I think it has something to do with the fact that at high temperature it interconverts and so all the coupling constants are the same hence quintet but at lower temperatures the frequency of the rotation is less than the sample rate and so there are different coupling constants for the planar and axial fluorine atoms. We have two structures to consider; 3 planar-1 axial and 2 planar-2 axial. If my line of thought it correct the P-31 NMR spectra for each of these should superimpose to give the spectrum shown.


But I'm lost because when I draw my diagrams they don't match the spectrum shown, I end up with a much more complicated splitting pattern.


You are certainly thinking in the right direction. Fluorine strongly prefers the axial position (for reasons described here), so at low temperature, the isomer that you've drawn on the right (2 axial and 2 equatorial fluorines) is the only isomer present. As a result we have an $\ce{A2B2X}$ spectrum. The 2 equivalent equatorial fluorines (spin = 1/2) split the phosphorous signal into a triplet. Each line of this triplet is further split into a triplet by the 2 equivalent axial fluorine's. BTW, the same reasoning that explains fluorines axial preference, also explains why generally $\ce{J(P-F)_{equatorial}}$ > $\ce{J(P-F)_{axial}}$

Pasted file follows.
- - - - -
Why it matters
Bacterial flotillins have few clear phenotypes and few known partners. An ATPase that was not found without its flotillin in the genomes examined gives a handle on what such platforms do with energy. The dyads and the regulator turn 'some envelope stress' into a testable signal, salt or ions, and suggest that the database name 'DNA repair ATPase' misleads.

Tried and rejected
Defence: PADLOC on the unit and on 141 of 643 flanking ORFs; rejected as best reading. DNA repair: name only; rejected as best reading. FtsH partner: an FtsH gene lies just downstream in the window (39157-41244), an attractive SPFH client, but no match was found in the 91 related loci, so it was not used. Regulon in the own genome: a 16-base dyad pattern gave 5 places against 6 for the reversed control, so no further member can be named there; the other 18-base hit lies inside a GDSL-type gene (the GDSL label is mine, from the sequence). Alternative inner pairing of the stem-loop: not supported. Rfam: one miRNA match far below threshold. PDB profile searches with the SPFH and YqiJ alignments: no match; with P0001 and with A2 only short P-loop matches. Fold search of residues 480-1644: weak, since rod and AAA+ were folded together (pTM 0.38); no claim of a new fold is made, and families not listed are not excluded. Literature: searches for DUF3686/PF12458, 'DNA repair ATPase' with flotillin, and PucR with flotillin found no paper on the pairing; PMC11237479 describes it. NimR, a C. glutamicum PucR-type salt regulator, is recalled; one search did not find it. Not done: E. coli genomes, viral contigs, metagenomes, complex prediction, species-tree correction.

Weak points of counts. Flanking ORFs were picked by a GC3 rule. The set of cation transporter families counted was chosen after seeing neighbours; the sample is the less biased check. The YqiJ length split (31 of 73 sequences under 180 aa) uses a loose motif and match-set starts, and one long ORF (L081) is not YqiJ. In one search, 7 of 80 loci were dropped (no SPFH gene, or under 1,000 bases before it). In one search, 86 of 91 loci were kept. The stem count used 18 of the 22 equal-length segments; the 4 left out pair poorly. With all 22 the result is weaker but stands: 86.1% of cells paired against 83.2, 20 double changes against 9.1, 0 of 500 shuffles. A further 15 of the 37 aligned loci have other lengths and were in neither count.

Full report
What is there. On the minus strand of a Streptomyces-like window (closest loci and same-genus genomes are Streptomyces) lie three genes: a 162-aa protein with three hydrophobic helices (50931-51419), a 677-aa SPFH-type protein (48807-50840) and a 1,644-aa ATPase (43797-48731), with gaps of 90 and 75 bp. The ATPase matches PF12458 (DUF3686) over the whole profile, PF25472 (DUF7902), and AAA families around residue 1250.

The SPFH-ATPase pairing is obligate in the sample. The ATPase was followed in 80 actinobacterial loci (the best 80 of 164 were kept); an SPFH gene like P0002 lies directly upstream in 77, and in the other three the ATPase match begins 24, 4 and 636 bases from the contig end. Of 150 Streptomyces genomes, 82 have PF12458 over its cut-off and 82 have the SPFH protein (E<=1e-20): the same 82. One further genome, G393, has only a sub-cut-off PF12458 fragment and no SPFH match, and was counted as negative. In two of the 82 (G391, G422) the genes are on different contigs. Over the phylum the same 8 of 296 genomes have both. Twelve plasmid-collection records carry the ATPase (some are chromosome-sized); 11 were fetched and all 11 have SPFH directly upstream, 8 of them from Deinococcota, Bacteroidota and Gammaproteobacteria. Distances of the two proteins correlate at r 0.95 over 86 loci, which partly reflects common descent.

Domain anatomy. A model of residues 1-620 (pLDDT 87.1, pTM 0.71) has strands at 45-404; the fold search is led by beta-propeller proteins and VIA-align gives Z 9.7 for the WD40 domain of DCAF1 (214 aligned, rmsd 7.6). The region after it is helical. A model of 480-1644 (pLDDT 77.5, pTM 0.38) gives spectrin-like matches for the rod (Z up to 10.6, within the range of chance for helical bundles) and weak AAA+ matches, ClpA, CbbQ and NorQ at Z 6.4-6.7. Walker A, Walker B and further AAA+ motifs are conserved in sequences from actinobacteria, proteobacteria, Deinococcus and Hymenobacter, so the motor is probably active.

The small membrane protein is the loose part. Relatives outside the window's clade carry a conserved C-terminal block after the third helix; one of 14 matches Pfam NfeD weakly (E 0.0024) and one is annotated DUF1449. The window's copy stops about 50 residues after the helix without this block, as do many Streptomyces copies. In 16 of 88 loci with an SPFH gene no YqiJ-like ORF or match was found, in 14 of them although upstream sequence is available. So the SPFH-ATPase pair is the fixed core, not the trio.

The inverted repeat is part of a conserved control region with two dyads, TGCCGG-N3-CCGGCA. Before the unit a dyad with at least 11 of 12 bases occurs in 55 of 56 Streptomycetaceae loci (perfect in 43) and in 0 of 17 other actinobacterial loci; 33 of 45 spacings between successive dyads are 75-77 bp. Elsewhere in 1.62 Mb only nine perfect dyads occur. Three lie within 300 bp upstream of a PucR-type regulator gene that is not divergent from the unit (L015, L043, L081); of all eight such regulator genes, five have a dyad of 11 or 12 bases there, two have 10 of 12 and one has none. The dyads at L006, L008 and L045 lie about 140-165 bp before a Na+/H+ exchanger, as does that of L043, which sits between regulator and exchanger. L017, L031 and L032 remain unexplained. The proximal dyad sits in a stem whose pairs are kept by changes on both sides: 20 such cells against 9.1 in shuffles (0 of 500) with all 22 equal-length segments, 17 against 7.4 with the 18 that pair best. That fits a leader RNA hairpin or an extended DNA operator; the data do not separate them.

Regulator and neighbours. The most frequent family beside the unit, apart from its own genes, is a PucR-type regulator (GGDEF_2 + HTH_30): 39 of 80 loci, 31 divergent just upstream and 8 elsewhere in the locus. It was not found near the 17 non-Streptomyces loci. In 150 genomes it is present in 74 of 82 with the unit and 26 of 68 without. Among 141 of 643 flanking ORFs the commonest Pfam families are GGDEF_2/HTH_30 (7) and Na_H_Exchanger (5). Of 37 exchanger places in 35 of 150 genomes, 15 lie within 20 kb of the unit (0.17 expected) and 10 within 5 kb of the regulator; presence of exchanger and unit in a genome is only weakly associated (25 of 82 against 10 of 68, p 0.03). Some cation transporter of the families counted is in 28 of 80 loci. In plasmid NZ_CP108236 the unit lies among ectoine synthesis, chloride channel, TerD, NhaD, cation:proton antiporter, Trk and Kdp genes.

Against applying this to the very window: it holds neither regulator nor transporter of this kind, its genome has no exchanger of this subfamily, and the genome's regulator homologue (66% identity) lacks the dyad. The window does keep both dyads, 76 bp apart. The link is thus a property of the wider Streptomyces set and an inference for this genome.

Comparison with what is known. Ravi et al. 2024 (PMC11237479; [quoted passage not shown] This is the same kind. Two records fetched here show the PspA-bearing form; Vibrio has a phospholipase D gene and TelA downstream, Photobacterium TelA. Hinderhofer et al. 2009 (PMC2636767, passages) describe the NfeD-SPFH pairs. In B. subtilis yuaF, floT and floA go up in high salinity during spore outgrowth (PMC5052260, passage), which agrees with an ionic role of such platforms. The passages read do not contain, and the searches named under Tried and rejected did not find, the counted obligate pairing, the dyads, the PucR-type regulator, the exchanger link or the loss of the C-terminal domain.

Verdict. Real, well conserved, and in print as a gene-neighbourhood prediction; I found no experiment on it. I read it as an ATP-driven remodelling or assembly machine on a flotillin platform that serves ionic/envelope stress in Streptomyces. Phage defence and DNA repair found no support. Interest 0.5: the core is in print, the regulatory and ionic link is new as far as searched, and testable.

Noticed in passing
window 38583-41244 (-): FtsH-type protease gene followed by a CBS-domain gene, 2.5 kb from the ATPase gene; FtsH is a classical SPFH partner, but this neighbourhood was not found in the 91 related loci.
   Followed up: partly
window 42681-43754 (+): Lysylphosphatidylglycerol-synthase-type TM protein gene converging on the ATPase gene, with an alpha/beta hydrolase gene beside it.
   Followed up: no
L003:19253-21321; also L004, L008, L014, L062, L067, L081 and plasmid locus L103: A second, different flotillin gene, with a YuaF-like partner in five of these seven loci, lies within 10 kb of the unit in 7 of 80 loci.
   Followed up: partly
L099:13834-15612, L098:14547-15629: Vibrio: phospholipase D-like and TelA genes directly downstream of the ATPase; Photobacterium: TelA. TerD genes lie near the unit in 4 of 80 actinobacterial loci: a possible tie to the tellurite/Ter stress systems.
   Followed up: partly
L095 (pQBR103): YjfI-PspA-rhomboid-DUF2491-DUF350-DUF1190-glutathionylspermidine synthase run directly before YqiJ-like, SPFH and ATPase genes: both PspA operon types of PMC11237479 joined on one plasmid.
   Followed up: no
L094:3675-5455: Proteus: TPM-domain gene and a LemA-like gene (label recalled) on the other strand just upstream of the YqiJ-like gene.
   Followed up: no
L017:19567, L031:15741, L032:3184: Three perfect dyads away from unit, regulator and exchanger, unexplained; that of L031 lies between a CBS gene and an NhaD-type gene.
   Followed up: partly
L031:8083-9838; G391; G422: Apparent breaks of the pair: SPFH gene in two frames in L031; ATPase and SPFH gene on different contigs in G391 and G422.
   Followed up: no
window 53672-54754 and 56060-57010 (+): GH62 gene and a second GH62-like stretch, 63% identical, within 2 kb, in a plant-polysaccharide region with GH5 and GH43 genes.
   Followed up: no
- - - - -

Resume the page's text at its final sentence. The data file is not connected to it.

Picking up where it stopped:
At room temperature, pseudorotation is rapid (more thermal energy is available and the barrier to pseudorotation can be surmounted) and all fluorines become equivalent on the nmr timescale. Therefore, at room temperature and above a quintet is observed in the $\ce{^{31}P}$ nmr spectrum.

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  • $\begingroup$ okay I can see that its a triplet of triplets now that you've said! Why does fluorine prefer the axial position? $\endgroup$ – Goods Jan 4 '15 at 18:30
  • $\begingroup$ I've edited my answer to include a link to an earlier answer explaining why fluorine (or other electronegative substituents) prefers the axial position in pentacoordinate phosphorous. $\endgroup$ – ron Jan 4 '15 at 20:06

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